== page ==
Tuesday, September 21, 2010

AWOL in Oregon.

After an internet-free weekend of deliberation, spent driving south along the misty Oregon coast, inland through the Californian redwoods, and back north through the fir-spotted mountains, I've decided to draw my Vernacular blog to a close. My last post will remain September 16th, my thirtieth birthday.

This fin de si├Ęcle came about for a few reasons, the most practical being that I intended to have a weekend free of internet, which would put me three days behind on the blog. For 259 days I have posted the word blog, or at least begun the entry, on the date the word arrived in my inbox. If I was away on trips I made it a point to locate some web access—in an internet cafe, in the depressing "technology lounge" in the lobby of a Seattle hotel—so I could at least begin the post on the correct date. However, I craved a severance from the intricate machine of interconnectivity. And in order to do that, I had to break the pattern.

The thought of returning from my trip to three words in my inbox waiting to be analyzed, with another on the way in twelve hours, was nothing less than daunting. I could feel anxiety tightening my skin as I thought of spending the last hours of my four day weekend catching up on the blog. Instead, I went for a bike ride and finished watching the second season of True Blood. Then I slept for ten hours.

Now, of course, I do feel a bit guilty of abandonment. I intended to commit to this blog for one calendar year. But here are the circumstances:

1) In one week I begin the fall term of my second year in grad school, a term I anticipate to be my second most overwhelming (nothing will beat out that first clueless few months in the program). My coursework will eat up about 80% of my time;
2) I have just accepted an editorial internship which requires at least 10 hours of my focused mental energy a week;
3) I have a job;
4) I must sleep;
5) I want to have at least a few moments of free time for eating, showering, perhaps pausing for a moment, looking out a window, going for a walk, and if I'm lucky, maybe even having sex.

The word blog had to go.

But, like everything in life, this is an opportunity for a learning experience. I intend to write an essay on my experience with the word blog, focusing on my motivations for wanting to expand my vocabulary, my utter inability to do so, my relationship with words and language, and the realization that, as a grown adult, it is hard to learn and retain new things.

I'm thinking of calling the piece, "For Lack of a Better Term."

Thank you to everyone who read/followed/commented.

This blog (Candace Was Here) will live on as a venue for my written explorations into subjects of my choosing, at my own rate (whenever the fuck I please).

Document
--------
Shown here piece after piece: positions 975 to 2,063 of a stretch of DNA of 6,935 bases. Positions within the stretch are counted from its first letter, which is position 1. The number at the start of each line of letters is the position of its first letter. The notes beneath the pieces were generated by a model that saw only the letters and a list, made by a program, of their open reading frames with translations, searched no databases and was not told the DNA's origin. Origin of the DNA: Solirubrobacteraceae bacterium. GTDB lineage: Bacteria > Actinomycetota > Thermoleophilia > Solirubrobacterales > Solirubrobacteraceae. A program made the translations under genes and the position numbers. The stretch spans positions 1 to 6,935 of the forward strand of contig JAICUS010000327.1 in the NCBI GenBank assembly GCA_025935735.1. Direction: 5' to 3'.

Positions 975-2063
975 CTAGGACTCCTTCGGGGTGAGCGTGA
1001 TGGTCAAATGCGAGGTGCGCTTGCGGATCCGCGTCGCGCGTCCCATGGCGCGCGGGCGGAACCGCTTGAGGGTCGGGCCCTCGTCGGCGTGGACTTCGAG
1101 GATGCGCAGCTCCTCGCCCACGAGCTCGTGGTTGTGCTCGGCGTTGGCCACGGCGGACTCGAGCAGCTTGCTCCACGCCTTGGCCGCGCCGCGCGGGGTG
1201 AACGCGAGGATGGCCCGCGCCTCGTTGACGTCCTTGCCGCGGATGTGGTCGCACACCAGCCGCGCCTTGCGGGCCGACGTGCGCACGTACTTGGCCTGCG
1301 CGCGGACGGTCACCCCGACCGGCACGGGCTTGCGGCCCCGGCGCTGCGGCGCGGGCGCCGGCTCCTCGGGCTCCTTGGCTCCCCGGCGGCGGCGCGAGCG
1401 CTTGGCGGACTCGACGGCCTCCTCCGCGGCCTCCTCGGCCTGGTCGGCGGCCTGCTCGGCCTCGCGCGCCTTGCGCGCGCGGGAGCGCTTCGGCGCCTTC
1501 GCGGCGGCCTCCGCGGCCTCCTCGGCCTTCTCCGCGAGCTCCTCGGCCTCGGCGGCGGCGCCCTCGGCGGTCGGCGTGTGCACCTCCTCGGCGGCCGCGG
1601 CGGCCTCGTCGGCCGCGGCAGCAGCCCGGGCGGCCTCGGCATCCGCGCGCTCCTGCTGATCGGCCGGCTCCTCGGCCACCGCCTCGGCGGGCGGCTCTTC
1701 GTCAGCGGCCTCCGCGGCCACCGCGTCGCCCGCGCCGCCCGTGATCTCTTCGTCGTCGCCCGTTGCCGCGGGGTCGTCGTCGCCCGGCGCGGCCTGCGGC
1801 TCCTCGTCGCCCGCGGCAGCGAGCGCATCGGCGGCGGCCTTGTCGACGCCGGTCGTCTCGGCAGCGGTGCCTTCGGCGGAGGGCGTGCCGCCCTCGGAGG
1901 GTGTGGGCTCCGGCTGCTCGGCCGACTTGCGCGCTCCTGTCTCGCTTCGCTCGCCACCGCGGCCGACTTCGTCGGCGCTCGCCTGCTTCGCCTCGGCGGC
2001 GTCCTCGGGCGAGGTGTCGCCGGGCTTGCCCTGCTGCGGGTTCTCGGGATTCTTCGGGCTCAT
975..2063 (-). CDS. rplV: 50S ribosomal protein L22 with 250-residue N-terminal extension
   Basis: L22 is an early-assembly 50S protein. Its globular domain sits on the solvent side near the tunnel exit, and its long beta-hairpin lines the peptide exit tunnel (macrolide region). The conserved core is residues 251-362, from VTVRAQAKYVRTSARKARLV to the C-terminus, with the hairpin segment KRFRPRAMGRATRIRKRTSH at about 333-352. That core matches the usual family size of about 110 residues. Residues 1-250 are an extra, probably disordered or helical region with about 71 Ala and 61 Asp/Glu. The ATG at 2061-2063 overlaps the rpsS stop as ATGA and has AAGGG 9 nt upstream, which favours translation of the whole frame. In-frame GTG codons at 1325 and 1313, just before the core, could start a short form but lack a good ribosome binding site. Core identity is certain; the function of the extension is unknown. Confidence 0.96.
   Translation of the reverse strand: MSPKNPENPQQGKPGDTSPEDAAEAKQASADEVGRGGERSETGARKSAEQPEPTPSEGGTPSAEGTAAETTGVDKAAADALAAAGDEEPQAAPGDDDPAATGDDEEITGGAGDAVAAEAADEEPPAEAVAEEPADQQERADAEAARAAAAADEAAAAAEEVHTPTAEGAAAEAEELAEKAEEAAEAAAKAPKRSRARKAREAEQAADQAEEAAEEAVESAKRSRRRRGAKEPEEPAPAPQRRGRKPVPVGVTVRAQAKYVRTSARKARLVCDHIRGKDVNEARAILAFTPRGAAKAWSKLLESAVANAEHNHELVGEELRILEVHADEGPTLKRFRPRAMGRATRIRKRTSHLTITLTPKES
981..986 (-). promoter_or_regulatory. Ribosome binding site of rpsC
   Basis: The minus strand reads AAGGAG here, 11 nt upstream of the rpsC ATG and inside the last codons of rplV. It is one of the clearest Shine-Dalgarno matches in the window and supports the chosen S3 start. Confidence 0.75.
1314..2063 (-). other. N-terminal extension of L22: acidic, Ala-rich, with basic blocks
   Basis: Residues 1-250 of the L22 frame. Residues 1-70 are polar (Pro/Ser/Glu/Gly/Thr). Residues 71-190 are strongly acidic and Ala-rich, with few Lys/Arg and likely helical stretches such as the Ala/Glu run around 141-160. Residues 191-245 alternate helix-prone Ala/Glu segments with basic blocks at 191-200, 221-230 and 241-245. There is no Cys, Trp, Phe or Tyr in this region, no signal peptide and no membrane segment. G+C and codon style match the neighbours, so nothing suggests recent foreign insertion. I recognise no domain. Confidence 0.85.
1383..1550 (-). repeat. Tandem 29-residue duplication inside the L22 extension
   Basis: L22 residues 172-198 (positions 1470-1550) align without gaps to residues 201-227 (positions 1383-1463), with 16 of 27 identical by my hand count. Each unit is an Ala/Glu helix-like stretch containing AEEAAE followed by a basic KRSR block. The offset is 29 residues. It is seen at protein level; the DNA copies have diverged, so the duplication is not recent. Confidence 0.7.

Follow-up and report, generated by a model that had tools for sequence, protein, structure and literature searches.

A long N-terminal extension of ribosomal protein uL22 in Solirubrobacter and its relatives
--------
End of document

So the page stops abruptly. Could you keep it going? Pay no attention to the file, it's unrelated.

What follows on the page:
Wednesday, December 9, 2009

this blog is laughing at me

it's cold in portland. 13 degrees. i rode my bike to the video store the other day, and by the time i got there my fingertips felt like they had each been delicately and precisely slammed with a hammer. i rented nothing but trouble in celebration of finishing my first term of grad school. the film and my completion are not at all relevant to each other. i just wanted to watch something mindless. and funny. i made some udon soup, courtesy of annie chung. i ate a fudge pop. i watched dan akroyd play the pipe organ with digital underground.

over these past few months, every few days i have gone from feeling like

i can totally do this to
why the fuck did they even let me into this program to

this is totally normal. what you're feeling is totally normal.

i spent the last weekend in my room revising my essay. stretching it, tearing it. shaving it, cursing it. i even called out of work on saturday. the essay seemed to be laughing at me, shaking its head, mockingly, as if to say,

"the answer is right there. just open your eyes."

my band teacher in junior high school had a magic eye picture on her office door. i was the only person who couldn't see what it revealed. everyone had a theory as to how i should twist and contort my eyes in order to see the hidden picture. but i could never do it. i grew frustrated with my inabilities and felt alienated amongst my peers. the picture became the enemy. i would avoid looking at her office door when i passed. "whatever. who cares. seriously."

on sunday, in the midst of my battle, i received a phone call informing me that one of my coworkers had died of a heart attack on saturday night. jerry.


"jerry it's candace in the bakery."
"hello candace in the bakery."
"i'm calling out today. i'm not doing so great." the essay laughed at me in the background.
"all right, ma'am. you take care of yourself."
"thanks, jerry."

the world shifted in that way it does when people die. everything looked slightly off. like an overhead light has blown out, or someone who never wears make-up decided to put on eyeshadow. something is different, but you can't quite place it.

i sat on the staircase and broke the news to bobbie sue. she was sitting on the living room floor, writing at the coffee table. we sat there in silence for a few moments. it felt like a play.

i've spent a lot of time in my life thinking about death. too much, really. i've spent years feeling a loss, an emptiness, a hole, a halving of myself. after years of grieving a tragedy, i decided that i would no longer view death in this way. i think about how jerry was a happy man. he lived a full life. he brought a lot of good to the world in which i knew him. he died in his sleep. i feel a small sadness and loss, but more so, a great appreciation for having had the opportunity to have him in my life.

but i'm still standing in front of that magic eye. i feel as if i'm supposed to be devastated and angry. i feel a loss of not feeling more of a loss. i feel guilty for not crying enough, for not breaking down. i feel like an emotionless, heartless, careless human being. i feel like a stranger.

and i realize that i have also spent a good portion of my life feeling like this. feeling...for lack of a better term, weird. like i operate on some inhuman level, and everyone can tell, and they're all judging me for it. like there is some formula for feeling, and i just don't get it.

"the answer is right there. just open your eyes."

it seems too easy.

Friday, November 20, 2009

friday morning

my head is spinning with projects. being in school makes me feel like i've been offered an all-exclusive pass to something—i'm not sure what.

my future as a writer?